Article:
As Colombia seems to be moving away from using arms to resolve conflict, it is important to strengthen how we debate since that will be our tool to “defeat” our enemies, or maybe learn to live with them.
Violence is zero sum
The use of violence to resolve conflict has too long pushed away compromise, and peaceful, democratic and civilized ways to achieve a democratic right. This violence, despite being merited and constitutional in a number of cases, does polarize, eliminates common ground and makes us forget that “getting our right” is not a matter of completely defeating our enemy or opponent, but to convince the other that our arguments are not just valid, but valuable and worthy of inclusion into a compromise. This way you generate social cohesion, political inclusion and broadly supported policies.
When force is applied to resolve a conflict, the result is always the victory of one and the defeat of the other, it doesn’t necessarily lead to the solution of any problem.
Resolving domestic disputes without violence
Mind you that this is not just a political issue. You see similar levels of violence in Colombia’s society where opponents — for example spouses — too often resort to physical force to resolve a disagreement.
Allow me to use the spousal conflict as an example. If my (imaginary) wife and I have a conflict over how we divide doing the dishes, I could easily convince her to do these chores every day by giving her a proper beating, I mean, I am a 6ft2, 95-kilo Dutchman and could easily submit any woman that is shorter and lighter (female martial arts experts excluded).
However, I think we all agree this is not how you resolve issues within a marriage. Ideally, my non-existent wife and I come to a compromise in which I agree to do at least some of the dishes.
Spousal problem-solving requires a debate where the involved parties exchange thesis, antithesis and come to synthesis, said the German philosopher Georg Wilhelm Friedrich Hegel and explained to me by, oh irony, a Colombian military official.
In other words. Spouse 1 says “I don’t want to do the dishes ever.” Spouse 2 then proposes the antithesis: “I want you to do the dishes as much as I do.” As a result of the conflict between thesis and antithesis, the two spouses ideally start exchanging arguments. “I can’t do the dishes half the week, because I also have a 48-hour job” is a fine example. Usually, this exchange of arguments results in both spouses agreeing that not doing the dishes at all isn’t fair while going 50/50 ignoring Spouse 1’s professional duties also isn’t viable.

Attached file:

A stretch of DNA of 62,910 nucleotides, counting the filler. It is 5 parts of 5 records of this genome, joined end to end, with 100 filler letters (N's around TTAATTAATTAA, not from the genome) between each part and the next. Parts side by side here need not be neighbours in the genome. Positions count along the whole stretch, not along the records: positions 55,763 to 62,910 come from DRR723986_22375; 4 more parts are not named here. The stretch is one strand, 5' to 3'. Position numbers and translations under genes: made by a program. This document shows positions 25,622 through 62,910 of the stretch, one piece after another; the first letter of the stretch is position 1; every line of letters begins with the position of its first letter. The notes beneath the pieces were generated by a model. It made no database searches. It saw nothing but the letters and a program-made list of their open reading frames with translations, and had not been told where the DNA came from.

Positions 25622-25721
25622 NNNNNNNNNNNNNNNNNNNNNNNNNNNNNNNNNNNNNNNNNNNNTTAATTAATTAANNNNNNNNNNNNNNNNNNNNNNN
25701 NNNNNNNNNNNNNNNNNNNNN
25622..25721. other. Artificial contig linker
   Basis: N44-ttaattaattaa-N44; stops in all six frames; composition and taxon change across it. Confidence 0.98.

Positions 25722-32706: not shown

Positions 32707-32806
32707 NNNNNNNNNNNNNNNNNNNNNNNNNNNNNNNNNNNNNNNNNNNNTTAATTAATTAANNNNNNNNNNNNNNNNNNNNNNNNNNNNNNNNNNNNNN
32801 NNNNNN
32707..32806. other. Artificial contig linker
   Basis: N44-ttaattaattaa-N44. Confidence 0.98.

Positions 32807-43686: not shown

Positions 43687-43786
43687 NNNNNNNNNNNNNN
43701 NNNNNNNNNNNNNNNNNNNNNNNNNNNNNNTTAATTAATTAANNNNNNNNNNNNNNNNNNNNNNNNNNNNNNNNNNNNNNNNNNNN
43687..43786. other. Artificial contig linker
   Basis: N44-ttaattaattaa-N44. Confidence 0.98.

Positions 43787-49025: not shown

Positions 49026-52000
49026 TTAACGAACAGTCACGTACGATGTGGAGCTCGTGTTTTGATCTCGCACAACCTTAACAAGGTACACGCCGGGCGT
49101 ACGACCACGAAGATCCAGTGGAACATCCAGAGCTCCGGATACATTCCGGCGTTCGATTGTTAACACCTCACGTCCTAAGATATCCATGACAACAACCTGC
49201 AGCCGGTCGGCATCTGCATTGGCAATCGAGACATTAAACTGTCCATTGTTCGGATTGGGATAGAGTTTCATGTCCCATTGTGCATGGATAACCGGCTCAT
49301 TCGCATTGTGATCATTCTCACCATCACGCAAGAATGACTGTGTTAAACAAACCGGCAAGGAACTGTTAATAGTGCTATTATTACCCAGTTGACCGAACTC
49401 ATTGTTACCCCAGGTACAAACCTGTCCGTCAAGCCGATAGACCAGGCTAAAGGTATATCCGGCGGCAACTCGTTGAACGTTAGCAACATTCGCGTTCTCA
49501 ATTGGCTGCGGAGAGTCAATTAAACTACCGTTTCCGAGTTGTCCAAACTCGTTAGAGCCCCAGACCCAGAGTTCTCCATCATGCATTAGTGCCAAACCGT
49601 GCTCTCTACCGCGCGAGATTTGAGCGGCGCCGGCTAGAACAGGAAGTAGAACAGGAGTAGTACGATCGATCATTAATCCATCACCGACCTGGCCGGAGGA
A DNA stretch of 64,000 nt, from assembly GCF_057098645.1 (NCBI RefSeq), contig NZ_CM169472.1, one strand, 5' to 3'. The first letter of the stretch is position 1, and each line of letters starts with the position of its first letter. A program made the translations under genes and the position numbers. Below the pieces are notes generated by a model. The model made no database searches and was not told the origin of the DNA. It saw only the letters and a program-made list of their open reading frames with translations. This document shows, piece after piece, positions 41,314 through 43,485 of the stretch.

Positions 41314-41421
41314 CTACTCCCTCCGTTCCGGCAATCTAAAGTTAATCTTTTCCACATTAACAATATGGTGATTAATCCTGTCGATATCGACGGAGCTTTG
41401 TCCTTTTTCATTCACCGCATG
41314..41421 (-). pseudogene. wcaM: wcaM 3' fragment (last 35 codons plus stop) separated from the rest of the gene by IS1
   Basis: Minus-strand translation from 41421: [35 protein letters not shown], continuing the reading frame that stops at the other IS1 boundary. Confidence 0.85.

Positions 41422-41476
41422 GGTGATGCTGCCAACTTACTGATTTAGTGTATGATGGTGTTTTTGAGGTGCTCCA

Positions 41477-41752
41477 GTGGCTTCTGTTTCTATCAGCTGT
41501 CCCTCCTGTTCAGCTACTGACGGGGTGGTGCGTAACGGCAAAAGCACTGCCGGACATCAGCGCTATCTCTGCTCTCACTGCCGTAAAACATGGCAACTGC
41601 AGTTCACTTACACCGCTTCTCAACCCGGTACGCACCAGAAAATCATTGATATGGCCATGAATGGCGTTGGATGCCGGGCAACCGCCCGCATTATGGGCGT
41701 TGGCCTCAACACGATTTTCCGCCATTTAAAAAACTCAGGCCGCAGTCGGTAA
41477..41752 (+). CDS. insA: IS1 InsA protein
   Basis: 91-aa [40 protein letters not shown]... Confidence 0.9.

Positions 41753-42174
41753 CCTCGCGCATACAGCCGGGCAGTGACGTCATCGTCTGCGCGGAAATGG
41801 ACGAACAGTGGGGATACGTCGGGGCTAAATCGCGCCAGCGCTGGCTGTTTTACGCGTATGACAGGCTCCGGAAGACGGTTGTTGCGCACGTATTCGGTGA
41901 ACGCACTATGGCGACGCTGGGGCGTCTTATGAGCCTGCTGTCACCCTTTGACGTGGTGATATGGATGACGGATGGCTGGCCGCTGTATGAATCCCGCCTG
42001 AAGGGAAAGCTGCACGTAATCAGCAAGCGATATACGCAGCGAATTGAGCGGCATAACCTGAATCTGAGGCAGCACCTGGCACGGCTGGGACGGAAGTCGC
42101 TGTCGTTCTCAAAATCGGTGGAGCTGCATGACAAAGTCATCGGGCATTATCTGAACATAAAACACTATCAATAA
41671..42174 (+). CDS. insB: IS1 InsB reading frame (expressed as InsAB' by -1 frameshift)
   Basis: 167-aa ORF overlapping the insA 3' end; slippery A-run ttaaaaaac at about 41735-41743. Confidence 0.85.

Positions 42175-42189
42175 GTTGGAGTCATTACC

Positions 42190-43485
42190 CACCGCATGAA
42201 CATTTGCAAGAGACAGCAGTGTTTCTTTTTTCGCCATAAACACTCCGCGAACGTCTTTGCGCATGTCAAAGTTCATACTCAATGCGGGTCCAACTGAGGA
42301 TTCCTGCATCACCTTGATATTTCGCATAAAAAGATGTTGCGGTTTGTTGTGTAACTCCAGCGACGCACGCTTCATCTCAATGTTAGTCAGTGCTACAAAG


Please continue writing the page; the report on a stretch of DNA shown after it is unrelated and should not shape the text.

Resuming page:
Hegel calls this the “synthesis,” which “solves the conflict between the thesis and antithesis by reconciling their common truths and forming a new thesis, starting the process over,” Wikipedia reminded me.
Following the reaching of the synthesis, the two spouses — now with a partial agreement — will renegotiate and are likely to find compromise.
You have to admit that this way of resolving conflict is more harmonious and civilized than forcing our spouse to submit. In fact, it’s how we actually construct a matrimony in which both partners can live happily and flourish.
A violent democracy is a dysfunctional democracy
If we apply the logic of this example to politics we should recognize the following: Like spouses, the citizens of Colombia share a home. Ideally, all occupy this shared space harmoniously, that is without bashing in each other’s skulls or displacing our partners. Instead, we look for the common ground and by recognizing the value of the arguments we jointly come to a compromise in which all feel equally represented. Result: a happy society.
This is not only where many Colombian marriages have stranded, but also where this country’s democracy has failed ever since the founding of Great Colombia.